In 1997, Luc Besson created the most expensive European film by that time with The Fifth Element, and not unlike Lang or Scott’s cinematic vision before him, his realisation of a comic-book-style, futuristic New York is very memorable, despite it mostly being generated by computer effects. Most of the action progresses to other, more internally-based sets, but the earlier scenes showing multiple lanes of flying cars between gigantic skyscrapers (and all manners of mayhem such as a hovering junk-boat selling Chinese food – shown above) are most impressive. Arguably more impressive than the now-dated, but still immersive, Logan’s Run from 1971 (directed by Micheal Anderson and starring our hero Micheal York), which cuts away to an unrealistic-looking Thunderbirds-style model set whenever it requires to visually depict the city-dome structure where all people are concealed in.
Another great example of a dystopian city appears in Dark City, where Australian director Alex Proyas effectively renders a deep space-set, noir-style cityscape, that cleverly draws on styles and architecture from a variety of known cities around the world – you await Bogart’s Philip Marlowe to appear around every corner! Then you have the imagining of a post-apocalyptic, police-driven New York City, under siege from punks, in John Carpenter’s excellent Escape from New York (1981) – notably made prior to Blade Runner. Mention must be made too of Terry Gilliam’s madcap Brazil (a comic critique of an over-industrialised world), a version of near-future London overran with ultra-violent delinquents in Kubrick’s notorious adaptation of A Clockwork Orange or indeed Neil Bromkamp’s attempt at retelling the story of apartheid in an alternative 1982-set Johannesburg (with scary-looking prawn aliens) in District 9.
Then there are visions of de-populated and abandoned cities in post-apocalyptic films such as the great New Zealand film The Quiet Earth, Danny Boyle’s zombie flick 24 Hours Later or The Omega Man with Charlton Heston from 1971 based on Richard Matheson’s novel (let’s not mention Will Smith and 2007’s I Am Legend). There must be a hell of a lot of money and paperwork involved in evacuating these areas to film scenes of uninhabited streets and buildings, but they are definitely worth it for the visual impact. They can be really eerie and affecting and much more authentic than the apocalyptic events depicted in more recent times by commercial directors/producers such as Roland Emmerich (Independence Day, The Day After Tomorrow) or JJ Abrams (Cloverfield).
“A city isn’t so unlike a person. They both have the marks to show they have many stories to tell. They see many faces. They tear things down and make new again.”
Rasmenia Massoud, ‘Broken Abroad’
Some directors have an obsession with cities. They draw us in, prompting us to believe that the city is a living thing, a neighbour, a sibling, a parent or a lover. In many cases, the city is close to the director’s heart. It’s their livelihood, their bread and butter, their hometown. Two directors and one city clearly come to mind here – Woody Allen, Martin Scorsese and New York. Allen’s New York trilogy from the 1970s and 1980s, constituting of Annie Hall, Manhattan and Hannah and Her Sisters, all pay a glorifying tribute to the Big Apple as a setting and a place. The city provides more than just a backdrop to the deep, human elements of the stories, it becomes a part of the story and sometimes becoming the heartbeat of the human characters.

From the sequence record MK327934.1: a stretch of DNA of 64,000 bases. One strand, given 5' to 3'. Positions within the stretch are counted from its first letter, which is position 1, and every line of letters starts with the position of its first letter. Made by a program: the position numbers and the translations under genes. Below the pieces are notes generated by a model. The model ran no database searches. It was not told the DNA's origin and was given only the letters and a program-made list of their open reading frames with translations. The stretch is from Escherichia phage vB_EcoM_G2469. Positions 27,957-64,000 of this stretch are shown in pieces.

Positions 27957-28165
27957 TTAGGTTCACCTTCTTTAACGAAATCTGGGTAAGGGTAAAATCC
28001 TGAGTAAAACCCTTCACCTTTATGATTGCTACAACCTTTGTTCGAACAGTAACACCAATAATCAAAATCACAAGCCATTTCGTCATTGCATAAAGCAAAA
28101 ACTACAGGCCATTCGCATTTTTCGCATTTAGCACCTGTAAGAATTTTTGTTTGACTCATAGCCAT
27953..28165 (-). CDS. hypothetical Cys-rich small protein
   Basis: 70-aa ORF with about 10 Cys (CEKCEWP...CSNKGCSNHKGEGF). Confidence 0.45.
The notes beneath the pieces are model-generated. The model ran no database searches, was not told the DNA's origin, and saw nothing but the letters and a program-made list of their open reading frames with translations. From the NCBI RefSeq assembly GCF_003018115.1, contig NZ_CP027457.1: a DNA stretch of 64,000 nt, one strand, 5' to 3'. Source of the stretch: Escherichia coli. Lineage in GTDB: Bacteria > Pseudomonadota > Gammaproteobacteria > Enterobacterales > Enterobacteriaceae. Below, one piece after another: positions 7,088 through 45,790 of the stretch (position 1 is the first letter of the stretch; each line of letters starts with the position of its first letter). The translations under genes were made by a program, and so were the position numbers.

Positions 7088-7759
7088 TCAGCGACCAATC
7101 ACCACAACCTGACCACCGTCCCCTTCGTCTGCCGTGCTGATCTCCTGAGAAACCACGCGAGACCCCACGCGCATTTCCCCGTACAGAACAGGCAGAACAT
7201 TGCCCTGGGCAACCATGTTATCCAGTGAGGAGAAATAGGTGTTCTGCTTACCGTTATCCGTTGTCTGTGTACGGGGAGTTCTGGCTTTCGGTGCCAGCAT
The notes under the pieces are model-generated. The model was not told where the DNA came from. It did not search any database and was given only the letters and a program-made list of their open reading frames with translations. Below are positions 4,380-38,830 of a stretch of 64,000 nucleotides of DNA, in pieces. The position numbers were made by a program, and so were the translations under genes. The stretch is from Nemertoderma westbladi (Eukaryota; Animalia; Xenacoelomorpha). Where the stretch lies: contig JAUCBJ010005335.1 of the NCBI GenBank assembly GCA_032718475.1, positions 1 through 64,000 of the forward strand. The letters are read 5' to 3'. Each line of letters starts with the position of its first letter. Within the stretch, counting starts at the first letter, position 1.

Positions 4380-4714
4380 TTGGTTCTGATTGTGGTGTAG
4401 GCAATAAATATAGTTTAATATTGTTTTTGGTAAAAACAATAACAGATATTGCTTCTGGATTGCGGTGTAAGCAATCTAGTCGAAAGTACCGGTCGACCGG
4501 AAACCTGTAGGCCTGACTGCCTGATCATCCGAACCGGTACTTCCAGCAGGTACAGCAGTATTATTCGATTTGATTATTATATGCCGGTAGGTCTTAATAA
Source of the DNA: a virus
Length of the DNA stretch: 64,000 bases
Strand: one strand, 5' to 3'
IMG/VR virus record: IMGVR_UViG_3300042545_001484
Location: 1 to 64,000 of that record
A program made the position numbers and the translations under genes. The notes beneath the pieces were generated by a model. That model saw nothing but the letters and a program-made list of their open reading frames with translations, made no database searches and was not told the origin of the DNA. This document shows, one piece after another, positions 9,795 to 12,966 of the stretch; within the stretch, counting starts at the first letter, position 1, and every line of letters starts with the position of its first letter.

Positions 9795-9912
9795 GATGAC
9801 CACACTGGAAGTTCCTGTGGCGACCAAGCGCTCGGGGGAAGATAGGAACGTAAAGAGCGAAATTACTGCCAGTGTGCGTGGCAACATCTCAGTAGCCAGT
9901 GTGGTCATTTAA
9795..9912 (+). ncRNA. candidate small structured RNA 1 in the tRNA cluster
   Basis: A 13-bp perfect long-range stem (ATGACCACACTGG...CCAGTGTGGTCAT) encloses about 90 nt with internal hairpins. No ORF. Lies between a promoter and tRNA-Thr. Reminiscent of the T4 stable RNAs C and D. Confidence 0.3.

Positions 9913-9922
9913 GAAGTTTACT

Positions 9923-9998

We can see the same in Martin Scorsese’s earlier films from the 1970s, in particular Mean Streets and Taxi Driver (New York is the setting for Raging Bull, The King of Comedy, Goodfellas, Gangs of New York and The Wolf Of Wall Street too). Like Allen, Scorsese is a quintessential New Yorker, but in contrast to Allen’s Jewish background, he grew up in Queens in a very traditional Italian catholic family. His films have always shown an intimacy with ‘the inner neighbourhood’ of New York. In Harvey Keitel’s character in Mean Streets and De Niro in Taxi Driver, there is an intrinsic knowledge of what’s around every street corner – they live and breathe its essence. Spike Lee’s Do the Right Thing and Jungle Fever, from the early 1990s and set in Brooklyn and Harlem respectively, also incorporate this idea of embodying the city within its characters. With Lee, however, the focus is more explicitly on racial tensions than on crime and romance.
For the animated film Porco Rosso, Hayou Miyazaki (of Japanese Studio Ghibli fame) brainstormed an image of a completely imaginary city set somewhere on the Adriatic Sea. Supposedly it was a city located on the Italian mainland – the main theme of the film concerns itself with fascist Italy between the two World Wars – but apparently it more resembles a town called Rijecka in Croatia, where Miyazaki likely visited back in the early 1990s when the Balkans was mired in conflict. The city in itself, as seen mostly from the skies (the main character Porco is a literally pig-headed fighter pilot) plays a pivotal role in setting the political context of the film. Needless to say, the Miyazaki signature images (rolling plateaus, the effects of wind, innovative aviation models) are drawn to perfection by the Studio Ghibli team, and it all makes for a wonderful and magical film.
A city lends itself as a supporting character in many films, my favourite being a rubbled, post-war Vienna in the timeless The Third Man from 1949. The city’s many alleyways, sewers and broken walls crucially lends itself to concealing the on-the-run venture capitalist Harry Lime (played by Orson Welles). Berlin too is a city that has captured the imagination of many viewers over the years and with good reason considering its history – we see it as a character in Goodbye Lenin, The Lives of Others and the transcendental Wings of Desire. Then we have Sophia Coppola’s surreal and magnificent Lost in Translation where dreamers Bill Murray and Scarlett Johannson mostly play second fiddle to the culture and beauty of Tokyo. Venice is genuinely haunting in Nicolas Roeg’s Don’t Look Now, Parma is enveloping in Bertolucci’s Before The Revolution, Buenos Aires is emanating in the thoroughly unique gay romance Happy Together and Mexico City is chaotic in the labyrinthine multiple-plot-laden Amores Perros.
And so one can see that perceptions of a city through the medium of film can vary considerably across genres, across time and from director to director. Where a city can be alive and well and brimming with vibrancy and well-being on the surface, it can be stale, stagnant, sterile and slowly in decay underneath. But thankfully not always. As long as there are films that utilises cities as a device to communicate something or other to the viewer, it makes things more interesting and intriguing.
To sign off, I will leave you with a clip from the greatest documentary ever made (in my opinion) – Godfrey Reggio’s Koyaanisqatsi from 1982. A film that captures an astounding stream of moving images from cities and places around the world. The title comes from a Hopi word that roughly translates as ‘unbalanced life’. Say no more…